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One Shots: A Glance at Yoshinaga Yuu’s Storytelling

(I haven’t done a one shot manga article in a while, and this post should have been published a long time ago, but I never gotten around to do it.)

tsumi koi
(Via MyAnimeList)

I read two collections of shoujo one shots by Yoshinaga Yuu, Tsumi Koi and Hatsukoi Hakusho. These one shots were pretty adorable to the extent that I reacted with an, “Awww…,” and it made my heart flutter just a tiny bit. All these stories have a simple plot, where a boy and girl fall in love. Yoshinaga Yuu’s one shots consists of various situations and settings that convey love. In this post, I will discuss some of the one shots that caught my attention in each collection.

Tsumi Koi (2009)

The first collection I read was Tsumi Koi. Now the main story of this collection, “Tsumi Koi,” wasn’t as interesting as the supporting stories. 

One of the supporting stories that caught my eye was “Let’s Meet in a Dream.” Fuzuki dreams about a young math teacher in her high school. She tries to find this teacher, but learns that such a teacher doesn’t actually exist at the school until she sees him on the street. In this story, I like how dreams are like predictions or premonitions for what is to come in the future.

The second story in this collection that I liked was “Koi no Jyumon.” In the fifth grade, Iyo received her first kiss from Tsujiai during a festival. Some of her classmates saw it and teased her, but she denied it in front of everyone including Tsujiai. Now in high school, Iyo and Tsujiai stopped talking after that incident. Iyo wants to clear up this misunderstanding with Tsujiai, which she gets a chance to do at another festival. In this story, the couple has a pure love because the two continued to have feelings for each other despite a misunderstanding that ruin their relationship.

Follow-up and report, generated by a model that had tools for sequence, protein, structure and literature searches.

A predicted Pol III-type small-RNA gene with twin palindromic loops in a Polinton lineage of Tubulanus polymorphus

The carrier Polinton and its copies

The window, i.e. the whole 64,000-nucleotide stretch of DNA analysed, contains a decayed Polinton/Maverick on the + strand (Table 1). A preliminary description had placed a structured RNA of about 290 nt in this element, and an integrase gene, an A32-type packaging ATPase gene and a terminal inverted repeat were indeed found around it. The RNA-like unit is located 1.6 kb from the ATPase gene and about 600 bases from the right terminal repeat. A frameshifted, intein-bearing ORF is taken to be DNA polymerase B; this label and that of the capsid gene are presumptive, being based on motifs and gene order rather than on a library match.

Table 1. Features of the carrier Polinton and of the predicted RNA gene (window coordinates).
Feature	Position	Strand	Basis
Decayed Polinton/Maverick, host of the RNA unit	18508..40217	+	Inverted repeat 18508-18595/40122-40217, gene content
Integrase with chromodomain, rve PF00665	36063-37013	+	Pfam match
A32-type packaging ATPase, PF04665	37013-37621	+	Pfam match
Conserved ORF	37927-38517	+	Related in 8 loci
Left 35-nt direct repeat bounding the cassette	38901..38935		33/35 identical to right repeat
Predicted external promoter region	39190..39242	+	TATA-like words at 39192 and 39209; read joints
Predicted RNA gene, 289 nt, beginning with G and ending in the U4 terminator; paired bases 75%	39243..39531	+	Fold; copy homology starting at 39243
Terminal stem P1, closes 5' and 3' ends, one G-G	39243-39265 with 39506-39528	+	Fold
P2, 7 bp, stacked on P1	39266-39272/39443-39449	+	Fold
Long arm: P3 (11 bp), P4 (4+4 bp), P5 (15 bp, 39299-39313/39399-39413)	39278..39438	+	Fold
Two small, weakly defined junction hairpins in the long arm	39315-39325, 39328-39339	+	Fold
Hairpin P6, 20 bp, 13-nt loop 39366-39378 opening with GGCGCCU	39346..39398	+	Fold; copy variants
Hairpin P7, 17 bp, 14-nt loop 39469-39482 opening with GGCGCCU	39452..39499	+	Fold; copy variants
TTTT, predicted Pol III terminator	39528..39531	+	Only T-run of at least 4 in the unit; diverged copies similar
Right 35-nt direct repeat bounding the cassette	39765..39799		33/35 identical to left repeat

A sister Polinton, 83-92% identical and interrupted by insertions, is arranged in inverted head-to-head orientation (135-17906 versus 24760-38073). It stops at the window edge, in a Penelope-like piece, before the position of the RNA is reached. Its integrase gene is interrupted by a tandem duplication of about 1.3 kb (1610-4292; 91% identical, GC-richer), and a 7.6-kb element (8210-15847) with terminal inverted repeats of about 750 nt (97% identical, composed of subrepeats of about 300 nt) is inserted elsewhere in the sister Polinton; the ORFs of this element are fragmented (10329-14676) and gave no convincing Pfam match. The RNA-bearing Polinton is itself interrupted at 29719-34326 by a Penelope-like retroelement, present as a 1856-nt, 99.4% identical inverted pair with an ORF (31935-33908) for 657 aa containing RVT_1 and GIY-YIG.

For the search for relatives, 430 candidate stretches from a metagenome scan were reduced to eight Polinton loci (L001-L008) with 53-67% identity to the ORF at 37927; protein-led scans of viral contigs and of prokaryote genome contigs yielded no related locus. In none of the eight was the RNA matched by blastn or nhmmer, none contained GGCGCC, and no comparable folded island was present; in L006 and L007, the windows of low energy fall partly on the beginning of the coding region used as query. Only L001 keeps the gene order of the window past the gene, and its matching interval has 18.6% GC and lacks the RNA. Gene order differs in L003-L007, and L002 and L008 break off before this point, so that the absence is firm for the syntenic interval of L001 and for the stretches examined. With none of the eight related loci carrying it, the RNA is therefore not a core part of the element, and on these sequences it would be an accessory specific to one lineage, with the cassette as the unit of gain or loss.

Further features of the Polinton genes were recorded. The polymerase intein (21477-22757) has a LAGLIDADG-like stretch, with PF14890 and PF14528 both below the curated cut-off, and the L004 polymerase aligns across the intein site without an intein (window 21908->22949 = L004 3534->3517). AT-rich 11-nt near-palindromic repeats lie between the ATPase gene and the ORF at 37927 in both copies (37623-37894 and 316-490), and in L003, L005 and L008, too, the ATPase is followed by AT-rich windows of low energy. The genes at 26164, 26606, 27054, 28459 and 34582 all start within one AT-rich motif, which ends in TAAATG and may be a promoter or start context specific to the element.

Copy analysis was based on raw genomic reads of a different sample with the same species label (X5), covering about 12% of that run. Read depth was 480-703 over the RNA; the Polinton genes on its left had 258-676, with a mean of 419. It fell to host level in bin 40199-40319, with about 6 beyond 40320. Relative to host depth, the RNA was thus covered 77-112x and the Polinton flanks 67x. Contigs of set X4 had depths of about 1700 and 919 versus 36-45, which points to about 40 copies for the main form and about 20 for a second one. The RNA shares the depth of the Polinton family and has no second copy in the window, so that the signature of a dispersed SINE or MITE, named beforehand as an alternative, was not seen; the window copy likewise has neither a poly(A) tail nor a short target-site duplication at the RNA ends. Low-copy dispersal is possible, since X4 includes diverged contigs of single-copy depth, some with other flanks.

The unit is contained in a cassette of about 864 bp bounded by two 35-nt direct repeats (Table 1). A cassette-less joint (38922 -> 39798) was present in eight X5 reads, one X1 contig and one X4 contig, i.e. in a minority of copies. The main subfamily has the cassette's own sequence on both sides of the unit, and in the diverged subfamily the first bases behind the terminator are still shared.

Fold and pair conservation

Hatsukoi Hakusho
(Via MyAnimeList)

Hatsukoi Hakusho (2009)

“A Summer-Colored Memorial” is set at a middle school reunion among classmates. Before graduating junior high, Utsumi confesses to Matsuri by writing, “I used to like you,” in her yearbook. Although they go to separate high schools, Matsuri has some lingering feelings for Utsumi. One of the reasons why I liked this one shot was Utsumi’s transformation from a junior high delinquent into a mature young man as indicated by the change of his hair color from orange to black. By changing his hair color, Utsumi honors Matsuri’s words in his yearbook about being more mature. Yet, it was later revealed that he had orange hair because it allowed him to get Matsuri’s attention.

The other one shot I enjoyed reading was, “Our One-sided Love.” This story focuses on the concept of unrequited love. Yuma has a crush on Taichi, but she keeps her feelings a secret because she assumes that Taichi likes her best friend, Rina, who is currently dating a guy at a different high school. What I like about this story is how Yuma supports Taichi’s feelings for his crush regardless of her own feelings and desires.


Although these one shots have simple story lines, I liked how Yoshinaga Yuu conveys different perspectives on love within various settings; thus, Yoshinaga Yuu attracts many types of shoujo readers. Most of the themes involve first love, crushes, and unrequited love. Despite having unique story lines, the art isn’t as unique because the same facial expressions and physical appearances seem to be recycled for the main characters.

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